For those who want to see a lot in Baja California, there is no getting around renting a car. Although there are some bus connections, these only serve the larger towns. These are reliable and punctual.

If you are only in Cabo San Lucas or San José del Cabo or La Paz, you probably don’t need a rental car. As I travelled a lot around Baja myself, I often rented a car so that I could be more flexible. Places like Cabo Pulmo or the Cañon de la Zorra in particular are otherwise only accessible as part of a tour.

The rental cars are usually in good condition. Nevertheless, I always take out an insurance without deductibles – you just never know when something might happen.

Note: In Mexico, you are allowed to turn right at a red light.

When I wasn’t renting a car, I walked a lot and used Uber for longer distances. This always worked well and reliably – and is cheap and safe.

How much time

If you are planning a trip to Baja, you should allow some time. I’d generally recommend 10-14 days for a round trip. If you are planning on going scuba diving, spending time by the pool or on the beach, add more days.

A general recommendation:

  • 4-5 days: Cabo San Lucas and San José del Cabo
  • 2-3 days: Todos Santos
  • 3 days: La Paz

Tip: Divers should plan an additional 3-4 days for Cabo Pulmo.


I have been travelling to Mexico regularly since 2011. I know different regions and have always felt safe and comfortable on all 15 trips. This also applies to Baja California. However, there are a few general tips to bear in mind:

  • Check with the hotel or locals to find out whether there are any streets or areas that should be avoided.
  • Don’t leave any valuables (in plain sight) in your car or hotel room – or put them on display. I would leave an expensive watch or jewellery at home.
  • I would also not take any valuables to the beach or leave them unattended on the sunbed while in the water. I usually only take my room card with me to the beach and leave everything else at the hotel.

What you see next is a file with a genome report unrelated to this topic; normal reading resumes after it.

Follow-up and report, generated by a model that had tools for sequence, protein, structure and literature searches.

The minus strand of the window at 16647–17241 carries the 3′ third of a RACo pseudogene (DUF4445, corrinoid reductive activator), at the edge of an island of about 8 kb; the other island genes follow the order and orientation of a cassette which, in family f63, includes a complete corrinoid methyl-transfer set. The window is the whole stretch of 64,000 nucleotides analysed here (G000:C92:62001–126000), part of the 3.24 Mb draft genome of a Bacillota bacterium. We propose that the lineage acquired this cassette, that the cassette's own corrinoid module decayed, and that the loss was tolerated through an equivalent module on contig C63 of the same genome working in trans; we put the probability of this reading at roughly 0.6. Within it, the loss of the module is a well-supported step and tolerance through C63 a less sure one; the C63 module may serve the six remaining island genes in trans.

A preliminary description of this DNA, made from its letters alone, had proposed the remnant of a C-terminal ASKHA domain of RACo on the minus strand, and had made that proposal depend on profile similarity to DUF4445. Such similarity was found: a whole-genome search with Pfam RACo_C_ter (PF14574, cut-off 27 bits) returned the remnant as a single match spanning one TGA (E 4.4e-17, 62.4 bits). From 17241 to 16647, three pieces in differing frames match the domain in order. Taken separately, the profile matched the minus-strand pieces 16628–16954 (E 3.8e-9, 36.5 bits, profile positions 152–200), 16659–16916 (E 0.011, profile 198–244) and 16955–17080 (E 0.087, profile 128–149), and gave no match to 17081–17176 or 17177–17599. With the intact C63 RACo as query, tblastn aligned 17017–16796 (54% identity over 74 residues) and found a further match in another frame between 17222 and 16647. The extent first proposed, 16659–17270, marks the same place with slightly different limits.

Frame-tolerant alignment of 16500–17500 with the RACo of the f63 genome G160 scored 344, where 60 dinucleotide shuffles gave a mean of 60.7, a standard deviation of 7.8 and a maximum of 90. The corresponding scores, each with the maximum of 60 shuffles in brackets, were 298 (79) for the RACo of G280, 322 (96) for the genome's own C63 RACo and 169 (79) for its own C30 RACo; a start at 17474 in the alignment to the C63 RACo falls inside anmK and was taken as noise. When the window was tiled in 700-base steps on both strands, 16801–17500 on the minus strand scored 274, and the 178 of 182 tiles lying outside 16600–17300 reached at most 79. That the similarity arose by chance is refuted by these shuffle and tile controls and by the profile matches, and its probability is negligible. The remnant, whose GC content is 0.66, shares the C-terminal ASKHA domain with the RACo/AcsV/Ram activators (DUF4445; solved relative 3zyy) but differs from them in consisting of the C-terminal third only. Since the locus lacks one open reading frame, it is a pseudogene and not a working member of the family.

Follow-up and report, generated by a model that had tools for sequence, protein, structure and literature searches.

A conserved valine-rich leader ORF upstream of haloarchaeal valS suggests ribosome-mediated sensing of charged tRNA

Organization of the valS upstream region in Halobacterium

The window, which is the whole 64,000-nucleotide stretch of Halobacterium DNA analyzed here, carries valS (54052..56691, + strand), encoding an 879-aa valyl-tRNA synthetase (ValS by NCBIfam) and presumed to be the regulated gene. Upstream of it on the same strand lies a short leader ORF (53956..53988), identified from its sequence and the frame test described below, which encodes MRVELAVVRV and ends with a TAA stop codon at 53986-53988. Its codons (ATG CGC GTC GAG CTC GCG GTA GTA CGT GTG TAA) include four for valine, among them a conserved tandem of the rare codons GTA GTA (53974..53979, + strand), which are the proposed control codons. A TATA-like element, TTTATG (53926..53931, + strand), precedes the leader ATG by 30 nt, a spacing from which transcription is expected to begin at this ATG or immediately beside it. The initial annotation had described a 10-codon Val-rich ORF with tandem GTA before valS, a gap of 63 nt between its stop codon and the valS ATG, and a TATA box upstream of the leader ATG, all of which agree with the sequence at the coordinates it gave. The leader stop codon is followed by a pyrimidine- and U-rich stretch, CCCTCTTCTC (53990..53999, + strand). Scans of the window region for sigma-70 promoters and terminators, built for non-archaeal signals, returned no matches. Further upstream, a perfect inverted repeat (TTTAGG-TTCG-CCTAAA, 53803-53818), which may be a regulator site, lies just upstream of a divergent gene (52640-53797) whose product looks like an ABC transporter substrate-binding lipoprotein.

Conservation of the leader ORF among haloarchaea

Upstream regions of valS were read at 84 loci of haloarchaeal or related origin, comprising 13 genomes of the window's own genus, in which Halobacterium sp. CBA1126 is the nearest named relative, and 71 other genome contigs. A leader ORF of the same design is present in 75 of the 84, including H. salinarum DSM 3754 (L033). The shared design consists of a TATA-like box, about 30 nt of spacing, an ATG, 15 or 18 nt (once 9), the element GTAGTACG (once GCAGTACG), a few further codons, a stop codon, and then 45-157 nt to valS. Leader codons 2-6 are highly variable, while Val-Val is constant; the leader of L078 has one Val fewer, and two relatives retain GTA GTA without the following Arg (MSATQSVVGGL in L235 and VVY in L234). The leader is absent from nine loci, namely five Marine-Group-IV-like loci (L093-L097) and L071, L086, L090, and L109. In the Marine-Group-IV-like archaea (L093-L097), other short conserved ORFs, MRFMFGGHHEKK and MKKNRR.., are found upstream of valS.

• Don’t walk long distances alone after dark.
  • Always watch your drinks in restaurants and bars and don’t accept them from strangers.
  • Avoid taxis and only use Uber. Many taxis charge horrendous prices for short distances and rely on tourists not knowing the fares.
  • Only use ATMs that are located in bank buildings, and avoid those that are located in party areas or that only dispense US dollars. They usually charge outrageous fees and have poor exchange rates.
  • Keep an eye on the travel warnings for Mexico.
  • Trust your gut feeling and enjoy your time in Baja!

Local SIM card

Fortunately, buying a Mexican SIM card is no longer a big hassle. A few years ago, you had to take your passport with you and some extra time. Today it’s different and really doesn’t take long. Of course, you can also organise an eSIM in advance and then activate it as soon as you land, but these are usually a lot more expensive than local SIM cards.

One of the first places I go to when starting a new trip to Mexico is a Telcel shop. There are also other providers – I have always had good experiences with Telcel so far and the price-performance ratio is good. Social media and WhatsApp are included free of charge in most packages and the bundles are worthwhile even for longer trips.

Cuisine and food

Mexico in itself is already a mecca for foodies and all those who like to indulge in culinary delights. Baja California is certainly no exception. Not once have I had a bad meal – be it in a 5* hotel or at a roadside food truck. As someone who could live solely on tacos and ceviche, Mexico is always a highlight for me.

Although I love the Mexican cuisine so much, I cannot handle any spiciness. Unfortunately, the countless trips and many attempts have not helped. It’s usually no problem to get your food in a restaurant without spicy condiments.

Vegetarians and vegans will definitely find a selection of delicious dishes in Baja California, especially in Cabo San Lucas, San José del Cabo, Todos Santos and La Paz.

Travel expenses

Travelling to Baja is certainly not as cheap as perhaps other parts of Mexico, but you can usually find good deals on hotels and rental cars if you book in advance. Prices tend to be higher in the high season (November to early January).